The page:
transmitted to Europe with the least possible delay ; the latter, especially in hot or 
moist climates, are often soon destroyed by the depredations of insects. 




On Oellnlose and the Oompoaitlon of Wood.->-A highly important discussion 
has been recently carried on in the French Academy, involving some valuable 
investigations into the chemical nature and composition of the proximate principles 
of vegetable tissues. The discovery by M. Schwdtzer of the solubility of cellulose 
in cuprate of ammonia, first suggested the means of further inquiry into the nature 
of the material of which the vegetable cells are constructed. It was early ascer- 
tained by M. Cramer, M. Payen, and others, that, while this cupric solution imme- 
diatdy dissolved the cellular tissue of cotton and many other substances, it 
exerted no action upon the cellular membranes of several algsB, champignons, the 
pith of trees, cork, &c. 

M. Payen, in a paper on the analogies and points of distinction between cellulose 
and starch, accounted for this difierence by attributing it to the protecting action of 
the intercellular matter, the incrustations of mineral, fatty, and nitrogenous sub- 
stances, and the presence of the epidermis. He found, if all these foreign substances 
were removed, and the cellulose left in a state of purity, it was immediately dis- 
solved; and that when again precipitated by adds it had all the properties and the 
composition of ordinary cellulose. 
M. Fremy, in a paper on the composition of vegetable cells,* showed, by means 

* Noticed in the " Beport'' of the Pharmaceutical Journal for August, page 116. 

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of tiie new reagent, that the fainer walk of the cells of firufts, &c., consist, not of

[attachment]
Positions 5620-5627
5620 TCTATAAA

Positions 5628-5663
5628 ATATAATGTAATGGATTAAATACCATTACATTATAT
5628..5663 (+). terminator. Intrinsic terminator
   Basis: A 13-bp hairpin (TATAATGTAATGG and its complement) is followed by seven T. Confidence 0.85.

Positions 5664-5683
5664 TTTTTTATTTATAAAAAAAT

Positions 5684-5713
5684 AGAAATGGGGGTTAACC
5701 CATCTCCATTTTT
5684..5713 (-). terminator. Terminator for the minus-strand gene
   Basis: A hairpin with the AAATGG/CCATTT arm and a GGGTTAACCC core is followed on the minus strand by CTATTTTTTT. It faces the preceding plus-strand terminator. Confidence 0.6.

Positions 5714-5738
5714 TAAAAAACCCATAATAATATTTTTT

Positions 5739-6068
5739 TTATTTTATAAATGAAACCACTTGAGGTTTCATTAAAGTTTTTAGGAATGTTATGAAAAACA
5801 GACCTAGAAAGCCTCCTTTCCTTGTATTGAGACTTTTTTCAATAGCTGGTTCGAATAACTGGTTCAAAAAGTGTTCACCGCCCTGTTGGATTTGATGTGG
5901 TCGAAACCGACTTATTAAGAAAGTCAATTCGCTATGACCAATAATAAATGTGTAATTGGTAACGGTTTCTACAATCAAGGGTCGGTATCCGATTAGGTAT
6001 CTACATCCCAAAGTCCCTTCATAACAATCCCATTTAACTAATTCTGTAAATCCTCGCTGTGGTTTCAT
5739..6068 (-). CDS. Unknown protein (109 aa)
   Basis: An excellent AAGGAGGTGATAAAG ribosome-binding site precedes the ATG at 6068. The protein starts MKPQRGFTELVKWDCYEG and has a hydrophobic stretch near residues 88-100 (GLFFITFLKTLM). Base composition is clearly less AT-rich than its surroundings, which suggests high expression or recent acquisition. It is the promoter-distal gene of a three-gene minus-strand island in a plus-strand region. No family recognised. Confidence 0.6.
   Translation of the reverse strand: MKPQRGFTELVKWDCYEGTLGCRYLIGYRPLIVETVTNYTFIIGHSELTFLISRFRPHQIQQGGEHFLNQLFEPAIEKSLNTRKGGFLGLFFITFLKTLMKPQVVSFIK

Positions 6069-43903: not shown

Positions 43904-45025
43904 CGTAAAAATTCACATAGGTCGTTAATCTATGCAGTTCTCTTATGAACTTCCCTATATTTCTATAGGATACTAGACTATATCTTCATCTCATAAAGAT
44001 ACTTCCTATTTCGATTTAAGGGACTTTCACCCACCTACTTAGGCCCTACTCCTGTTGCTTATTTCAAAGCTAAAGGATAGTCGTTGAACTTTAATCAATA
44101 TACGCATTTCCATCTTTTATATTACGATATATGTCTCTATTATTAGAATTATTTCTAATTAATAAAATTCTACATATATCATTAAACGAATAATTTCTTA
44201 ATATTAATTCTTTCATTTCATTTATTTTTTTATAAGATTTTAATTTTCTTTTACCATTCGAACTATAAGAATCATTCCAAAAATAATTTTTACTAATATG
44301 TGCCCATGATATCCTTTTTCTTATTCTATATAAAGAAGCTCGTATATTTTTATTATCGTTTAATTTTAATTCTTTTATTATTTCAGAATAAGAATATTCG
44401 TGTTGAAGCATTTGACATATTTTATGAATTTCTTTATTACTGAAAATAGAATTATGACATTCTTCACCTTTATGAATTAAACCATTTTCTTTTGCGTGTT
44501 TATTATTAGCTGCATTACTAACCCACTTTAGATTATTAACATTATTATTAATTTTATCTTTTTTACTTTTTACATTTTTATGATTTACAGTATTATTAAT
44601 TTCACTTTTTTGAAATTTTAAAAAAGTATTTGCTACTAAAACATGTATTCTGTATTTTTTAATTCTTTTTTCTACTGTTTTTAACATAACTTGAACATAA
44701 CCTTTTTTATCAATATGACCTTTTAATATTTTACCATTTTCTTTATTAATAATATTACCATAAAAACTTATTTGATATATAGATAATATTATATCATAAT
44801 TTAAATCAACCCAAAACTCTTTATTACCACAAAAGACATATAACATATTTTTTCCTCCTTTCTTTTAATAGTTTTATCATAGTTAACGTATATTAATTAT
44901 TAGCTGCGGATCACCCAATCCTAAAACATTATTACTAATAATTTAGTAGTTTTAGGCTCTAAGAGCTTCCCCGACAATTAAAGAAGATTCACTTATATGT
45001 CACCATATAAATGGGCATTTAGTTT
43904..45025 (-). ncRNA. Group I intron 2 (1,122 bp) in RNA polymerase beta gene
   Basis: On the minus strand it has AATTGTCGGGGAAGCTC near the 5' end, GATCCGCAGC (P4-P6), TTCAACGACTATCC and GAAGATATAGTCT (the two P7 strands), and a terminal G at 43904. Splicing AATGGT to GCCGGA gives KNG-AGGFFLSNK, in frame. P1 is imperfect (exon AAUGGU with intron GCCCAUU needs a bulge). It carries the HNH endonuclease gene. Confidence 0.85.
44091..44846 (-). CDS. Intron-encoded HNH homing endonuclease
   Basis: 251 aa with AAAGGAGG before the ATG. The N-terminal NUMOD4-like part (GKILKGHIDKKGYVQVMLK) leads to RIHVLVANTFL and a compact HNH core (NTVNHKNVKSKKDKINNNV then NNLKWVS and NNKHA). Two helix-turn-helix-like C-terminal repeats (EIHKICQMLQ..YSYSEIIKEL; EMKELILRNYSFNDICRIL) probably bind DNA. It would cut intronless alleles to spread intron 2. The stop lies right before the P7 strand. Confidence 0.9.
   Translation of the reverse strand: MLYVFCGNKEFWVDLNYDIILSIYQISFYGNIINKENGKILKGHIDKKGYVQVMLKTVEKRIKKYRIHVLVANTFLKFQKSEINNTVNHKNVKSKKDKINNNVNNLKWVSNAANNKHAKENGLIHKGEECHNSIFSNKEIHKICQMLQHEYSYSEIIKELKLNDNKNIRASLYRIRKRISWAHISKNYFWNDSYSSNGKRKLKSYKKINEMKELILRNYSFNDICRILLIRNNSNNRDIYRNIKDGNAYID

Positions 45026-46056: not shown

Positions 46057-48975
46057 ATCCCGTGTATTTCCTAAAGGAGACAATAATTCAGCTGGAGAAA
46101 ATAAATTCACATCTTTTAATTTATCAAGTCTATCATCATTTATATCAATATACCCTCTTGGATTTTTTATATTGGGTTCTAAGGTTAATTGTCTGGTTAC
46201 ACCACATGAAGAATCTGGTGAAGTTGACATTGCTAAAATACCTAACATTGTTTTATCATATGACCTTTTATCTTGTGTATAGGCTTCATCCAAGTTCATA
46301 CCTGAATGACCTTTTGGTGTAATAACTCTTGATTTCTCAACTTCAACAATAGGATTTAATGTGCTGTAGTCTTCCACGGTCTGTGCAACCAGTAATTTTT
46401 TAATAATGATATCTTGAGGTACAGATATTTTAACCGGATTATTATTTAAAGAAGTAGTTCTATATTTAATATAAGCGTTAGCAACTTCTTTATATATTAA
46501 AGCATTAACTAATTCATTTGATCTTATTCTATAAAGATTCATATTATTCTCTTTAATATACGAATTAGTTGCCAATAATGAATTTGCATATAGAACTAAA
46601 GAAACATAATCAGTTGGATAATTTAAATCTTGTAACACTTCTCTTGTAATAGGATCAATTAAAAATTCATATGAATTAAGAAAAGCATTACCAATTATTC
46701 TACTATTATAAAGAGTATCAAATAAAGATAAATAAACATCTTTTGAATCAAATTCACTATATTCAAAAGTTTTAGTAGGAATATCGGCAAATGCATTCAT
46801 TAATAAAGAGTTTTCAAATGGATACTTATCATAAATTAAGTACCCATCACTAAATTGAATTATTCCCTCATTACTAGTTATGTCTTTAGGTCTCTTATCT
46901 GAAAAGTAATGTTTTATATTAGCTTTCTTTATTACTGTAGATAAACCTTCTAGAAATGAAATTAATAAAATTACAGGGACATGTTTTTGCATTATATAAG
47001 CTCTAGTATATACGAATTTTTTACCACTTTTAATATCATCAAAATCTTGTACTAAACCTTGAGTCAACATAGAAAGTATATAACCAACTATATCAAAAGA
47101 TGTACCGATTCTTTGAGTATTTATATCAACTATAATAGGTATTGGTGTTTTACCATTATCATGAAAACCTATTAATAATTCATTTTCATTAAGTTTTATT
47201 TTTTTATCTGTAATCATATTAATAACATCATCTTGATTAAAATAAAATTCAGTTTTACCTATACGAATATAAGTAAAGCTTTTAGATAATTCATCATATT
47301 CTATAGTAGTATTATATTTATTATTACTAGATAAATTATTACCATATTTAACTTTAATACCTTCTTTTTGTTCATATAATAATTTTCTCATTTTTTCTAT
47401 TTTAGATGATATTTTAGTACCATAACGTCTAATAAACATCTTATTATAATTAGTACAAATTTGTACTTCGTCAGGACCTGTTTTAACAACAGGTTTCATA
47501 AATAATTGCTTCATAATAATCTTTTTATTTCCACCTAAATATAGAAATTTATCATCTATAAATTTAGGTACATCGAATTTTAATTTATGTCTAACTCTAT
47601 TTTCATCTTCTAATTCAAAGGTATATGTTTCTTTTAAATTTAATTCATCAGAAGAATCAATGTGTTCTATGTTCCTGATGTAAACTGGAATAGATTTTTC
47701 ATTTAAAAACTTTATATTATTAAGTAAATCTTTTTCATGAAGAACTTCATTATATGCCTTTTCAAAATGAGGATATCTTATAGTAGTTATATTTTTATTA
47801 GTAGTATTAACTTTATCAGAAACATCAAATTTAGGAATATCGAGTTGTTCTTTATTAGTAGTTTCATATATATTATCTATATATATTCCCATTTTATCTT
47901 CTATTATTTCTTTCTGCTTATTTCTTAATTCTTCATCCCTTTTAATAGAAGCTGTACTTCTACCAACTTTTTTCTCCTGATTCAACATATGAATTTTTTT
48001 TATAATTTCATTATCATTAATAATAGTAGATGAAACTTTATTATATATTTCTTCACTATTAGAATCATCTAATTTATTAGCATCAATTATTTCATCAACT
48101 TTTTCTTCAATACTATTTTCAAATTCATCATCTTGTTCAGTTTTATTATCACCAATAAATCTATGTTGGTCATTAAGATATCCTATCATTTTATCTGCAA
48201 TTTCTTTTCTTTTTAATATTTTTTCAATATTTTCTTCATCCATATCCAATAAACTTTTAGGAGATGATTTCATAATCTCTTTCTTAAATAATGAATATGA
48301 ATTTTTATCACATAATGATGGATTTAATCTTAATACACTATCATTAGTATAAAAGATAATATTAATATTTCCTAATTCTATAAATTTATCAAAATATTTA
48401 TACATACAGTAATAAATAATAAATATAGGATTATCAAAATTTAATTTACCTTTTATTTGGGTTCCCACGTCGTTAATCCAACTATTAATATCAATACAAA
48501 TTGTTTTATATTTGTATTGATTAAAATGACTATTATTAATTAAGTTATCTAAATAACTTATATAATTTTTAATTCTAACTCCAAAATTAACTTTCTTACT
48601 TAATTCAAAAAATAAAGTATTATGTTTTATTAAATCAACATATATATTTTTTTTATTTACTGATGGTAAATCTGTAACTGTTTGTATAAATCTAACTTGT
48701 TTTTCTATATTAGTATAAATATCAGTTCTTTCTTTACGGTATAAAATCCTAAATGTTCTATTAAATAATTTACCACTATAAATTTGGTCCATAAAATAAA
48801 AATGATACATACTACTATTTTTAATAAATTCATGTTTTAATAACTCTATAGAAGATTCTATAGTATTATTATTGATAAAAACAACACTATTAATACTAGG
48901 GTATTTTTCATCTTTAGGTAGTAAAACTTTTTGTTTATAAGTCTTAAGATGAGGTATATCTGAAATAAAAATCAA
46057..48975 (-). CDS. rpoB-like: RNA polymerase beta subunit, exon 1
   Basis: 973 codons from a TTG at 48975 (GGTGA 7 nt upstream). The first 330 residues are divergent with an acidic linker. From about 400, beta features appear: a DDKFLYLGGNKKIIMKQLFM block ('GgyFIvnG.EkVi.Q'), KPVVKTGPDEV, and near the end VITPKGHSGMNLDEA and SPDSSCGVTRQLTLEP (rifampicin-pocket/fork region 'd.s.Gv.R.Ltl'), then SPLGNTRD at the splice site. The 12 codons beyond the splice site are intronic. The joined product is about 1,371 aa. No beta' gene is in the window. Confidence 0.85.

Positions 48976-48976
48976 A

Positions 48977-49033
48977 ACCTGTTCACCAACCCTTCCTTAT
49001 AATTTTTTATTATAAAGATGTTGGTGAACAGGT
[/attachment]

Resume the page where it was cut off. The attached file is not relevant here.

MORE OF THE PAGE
eeUolose, but of a substance which he named Peciosey and which, under oomparatiYely 
[rilght influences, and during the ripening of fruit, is rendered soluble and converted 
into Pectine, In the course of this paper M. Fremy expressed an opinion that cellu- 
lose exists in several isomeric conditions, in one of which it is soluble in cuprate of 
aoKnonia, while in the other it is insoluble. This view, opposed to M. Fayen's, wsii 
more fully developed in a subsequent communication, entitled ** Distinctive Charac- 
ters of Ligneous Fibres, Cortical Fibres, and the Cellular Tissue which constitutes the 
Pith of Trees." Up to that time the utricular tissues and vegetable fibres were 
considered to be formed essentially of the same substance, cellulose. M. Fremy 
argued, while the cupro-ammoniacal reagent immediately dissolves the cortical 
fibres of all plants and tlie utricular tissues of firuits, but exerts no action upon the 
pith of trees, it is difficult to consider these tissues as being formed of the same sub- 
stance — the difference cannot be attributed to unequal penetration by the reag^t^ 
because the pith is much more porous than the mass of cortical fibres; the impurity 
of the insoluble body cannot explain the difference in action either, because the pith,